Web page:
Sarah Palin Is No Tom Eagleton

By Wednesday morning, scores of bloggers and pundits were comparing Alaska Gov. Sarah Palin to Tom Eagleton, the Missouri senator whose abortive selection as George McGovern's 1972 running mate helped doom the Democrat's challenge to President Richard Nixon.

Jeralyn Merritt at TalkLeft seems to have been the first to invoke the Eagleton comparison, within hours of John McCain's announcement of his running mate, but she had plenty of company after Monday's news that Palin's teenage daughter is pregnant. Richard Gizbert of Huffington Post flatly pronounced Palin "the new Thomas Eagleton" and predicted that she would withdraw "within the next week or so." By Tuesday, Joshua Green of the Atlantic Monthly had an article online examining the comparison in detail.

Yet nothing in the attacks that Democrats or the media have made against Palin compares to the scandal that brought down Eagleton -- a hidden history of severe mental illness he hadn't disclosed to McGovern before his selection as running mate. And judging from the way Republicans have rallied to Palin's defense, it seems highly unlikely she will be bumped from the ticket.

Indeed, the spectacle of a media feeding frenzy over a working mother and her pregnant teenager seems to have produced a backlash that could have an effect quite the opposite of what Palin's enemies originally imagined. She may yet turn out to be the anti-Eagleton -- that rare choice of a running mate who makes a positive difference in a presidential election.

Firestorm and backlash

Democrats initially slammed McCain's selection of the relatively unknown 44-year-old governor as a weak contrast to Barack Obama's choice of 65-year-old Sen. Joe Biden. Clinton aide Rep. Rahm Emanuel (D-Ill.) called the Palin pick evidence of "political panic" by the GOP. Obama spokesman Bill Burton mocked Palin as "the former mayor of a town of 9,000 with zero foreign policy experience."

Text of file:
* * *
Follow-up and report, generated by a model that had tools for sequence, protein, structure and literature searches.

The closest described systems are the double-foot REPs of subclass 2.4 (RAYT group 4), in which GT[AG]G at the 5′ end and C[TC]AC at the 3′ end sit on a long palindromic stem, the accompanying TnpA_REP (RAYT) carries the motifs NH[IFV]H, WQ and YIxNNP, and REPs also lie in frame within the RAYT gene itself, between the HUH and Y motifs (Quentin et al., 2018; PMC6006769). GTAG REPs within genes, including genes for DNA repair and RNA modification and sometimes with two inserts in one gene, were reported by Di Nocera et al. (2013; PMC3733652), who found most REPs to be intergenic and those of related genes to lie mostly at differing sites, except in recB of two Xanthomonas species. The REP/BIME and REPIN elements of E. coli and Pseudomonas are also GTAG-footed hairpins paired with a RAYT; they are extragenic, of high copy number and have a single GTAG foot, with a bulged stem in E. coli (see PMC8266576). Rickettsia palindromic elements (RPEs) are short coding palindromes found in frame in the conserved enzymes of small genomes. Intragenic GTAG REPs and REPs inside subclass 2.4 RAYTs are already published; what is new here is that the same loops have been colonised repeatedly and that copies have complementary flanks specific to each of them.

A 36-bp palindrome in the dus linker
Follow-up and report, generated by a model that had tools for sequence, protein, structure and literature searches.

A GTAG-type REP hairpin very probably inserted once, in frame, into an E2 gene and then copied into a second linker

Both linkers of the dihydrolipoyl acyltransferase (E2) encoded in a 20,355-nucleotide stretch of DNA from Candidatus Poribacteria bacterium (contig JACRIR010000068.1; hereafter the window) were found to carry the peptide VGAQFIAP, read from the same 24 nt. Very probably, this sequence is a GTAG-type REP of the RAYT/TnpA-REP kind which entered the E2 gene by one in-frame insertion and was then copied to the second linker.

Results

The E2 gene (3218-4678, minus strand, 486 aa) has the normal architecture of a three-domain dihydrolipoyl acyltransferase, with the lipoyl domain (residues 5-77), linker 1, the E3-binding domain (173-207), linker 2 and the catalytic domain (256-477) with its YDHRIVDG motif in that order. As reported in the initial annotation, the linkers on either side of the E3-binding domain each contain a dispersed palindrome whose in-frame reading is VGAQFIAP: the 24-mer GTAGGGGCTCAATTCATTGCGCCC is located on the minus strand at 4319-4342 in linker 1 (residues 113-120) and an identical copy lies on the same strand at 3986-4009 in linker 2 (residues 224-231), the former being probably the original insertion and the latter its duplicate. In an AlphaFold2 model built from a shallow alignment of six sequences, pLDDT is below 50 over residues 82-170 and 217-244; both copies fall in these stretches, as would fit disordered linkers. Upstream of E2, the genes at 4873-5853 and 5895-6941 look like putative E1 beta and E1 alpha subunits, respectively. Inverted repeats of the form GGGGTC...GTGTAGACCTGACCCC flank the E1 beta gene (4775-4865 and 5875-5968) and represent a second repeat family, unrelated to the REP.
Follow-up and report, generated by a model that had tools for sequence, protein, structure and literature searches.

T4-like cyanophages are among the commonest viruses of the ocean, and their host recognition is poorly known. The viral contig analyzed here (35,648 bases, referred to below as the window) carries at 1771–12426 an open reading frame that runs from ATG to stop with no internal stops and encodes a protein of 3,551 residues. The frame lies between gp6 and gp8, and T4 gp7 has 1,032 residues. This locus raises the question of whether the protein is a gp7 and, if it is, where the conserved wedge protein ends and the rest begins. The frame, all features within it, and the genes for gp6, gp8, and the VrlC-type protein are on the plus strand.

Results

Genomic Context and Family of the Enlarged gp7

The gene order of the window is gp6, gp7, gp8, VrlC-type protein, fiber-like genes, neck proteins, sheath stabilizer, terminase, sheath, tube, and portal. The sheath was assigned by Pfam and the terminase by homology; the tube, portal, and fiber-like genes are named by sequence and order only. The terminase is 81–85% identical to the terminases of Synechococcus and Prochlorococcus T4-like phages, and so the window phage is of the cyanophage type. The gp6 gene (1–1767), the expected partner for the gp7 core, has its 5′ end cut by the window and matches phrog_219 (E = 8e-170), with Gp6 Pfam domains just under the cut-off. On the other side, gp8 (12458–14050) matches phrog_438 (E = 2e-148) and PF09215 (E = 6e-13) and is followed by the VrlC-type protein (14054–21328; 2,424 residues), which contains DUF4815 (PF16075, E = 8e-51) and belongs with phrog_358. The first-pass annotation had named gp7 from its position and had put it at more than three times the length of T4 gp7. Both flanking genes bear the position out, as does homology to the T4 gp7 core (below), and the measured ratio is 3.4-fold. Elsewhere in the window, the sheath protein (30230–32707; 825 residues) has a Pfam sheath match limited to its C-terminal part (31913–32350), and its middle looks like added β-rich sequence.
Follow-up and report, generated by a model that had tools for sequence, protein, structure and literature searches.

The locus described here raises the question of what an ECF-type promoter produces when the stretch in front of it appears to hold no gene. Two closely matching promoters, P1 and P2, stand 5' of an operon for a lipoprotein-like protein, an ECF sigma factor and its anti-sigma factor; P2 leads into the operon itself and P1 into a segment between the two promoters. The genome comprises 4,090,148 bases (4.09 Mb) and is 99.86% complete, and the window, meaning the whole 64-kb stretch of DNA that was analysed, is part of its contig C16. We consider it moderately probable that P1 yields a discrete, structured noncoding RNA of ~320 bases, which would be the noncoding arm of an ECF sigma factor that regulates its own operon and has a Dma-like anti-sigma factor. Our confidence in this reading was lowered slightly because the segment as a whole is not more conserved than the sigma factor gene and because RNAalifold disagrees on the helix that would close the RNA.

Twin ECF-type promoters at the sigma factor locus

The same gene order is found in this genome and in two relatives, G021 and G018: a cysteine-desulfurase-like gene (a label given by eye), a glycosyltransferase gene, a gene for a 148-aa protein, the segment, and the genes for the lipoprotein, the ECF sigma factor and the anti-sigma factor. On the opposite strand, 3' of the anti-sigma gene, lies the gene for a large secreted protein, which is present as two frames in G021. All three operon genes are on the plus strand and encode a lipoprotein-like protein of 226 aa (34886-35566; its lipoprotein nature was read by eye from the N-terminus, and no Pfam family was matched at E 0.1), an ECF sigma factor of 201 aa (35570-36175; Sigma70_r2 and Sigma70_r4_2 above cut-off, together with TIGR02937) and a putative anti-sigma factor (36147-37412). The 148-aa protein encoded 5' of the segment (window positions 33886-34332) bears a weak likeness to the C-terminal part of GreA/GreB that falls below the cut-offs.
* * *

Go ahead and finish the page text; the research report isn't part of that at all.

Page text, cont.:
Palin's staunch conservatism, however, made her an instant favorite of many who had previously been skeptical toward the maverick McCain. David Keene of the American Conservative Union predicted she would help energize those who have previously been "lukewarm" about McCain's candidacy, and polls indicated the addition of Palin to the ticket immediately narrowed the "enthusiasm gap" that has plagued the Republicans this year.

"Palin's selection ... clearly is firing up the GOP rank and file," Rasmussen Reports found in the immediate aftermath of the announcement, with 57 percent of Republicans saying they were "eager to vote for McCain. Previous surveys have not shown this level of GOP enthusiasm."

The real firestorm began when left-wing bloggers floated bizarre Internet rumors that Palin's infant son was actually her grandson. Monday, the Palins announced that their 17-year-old daughter was pregnant. The National Enquirer claimed this was in response to their questions, although Time magazine reported that daughter Bristol's pregnancy with her hockey-player fiancé was no secret in their hometown.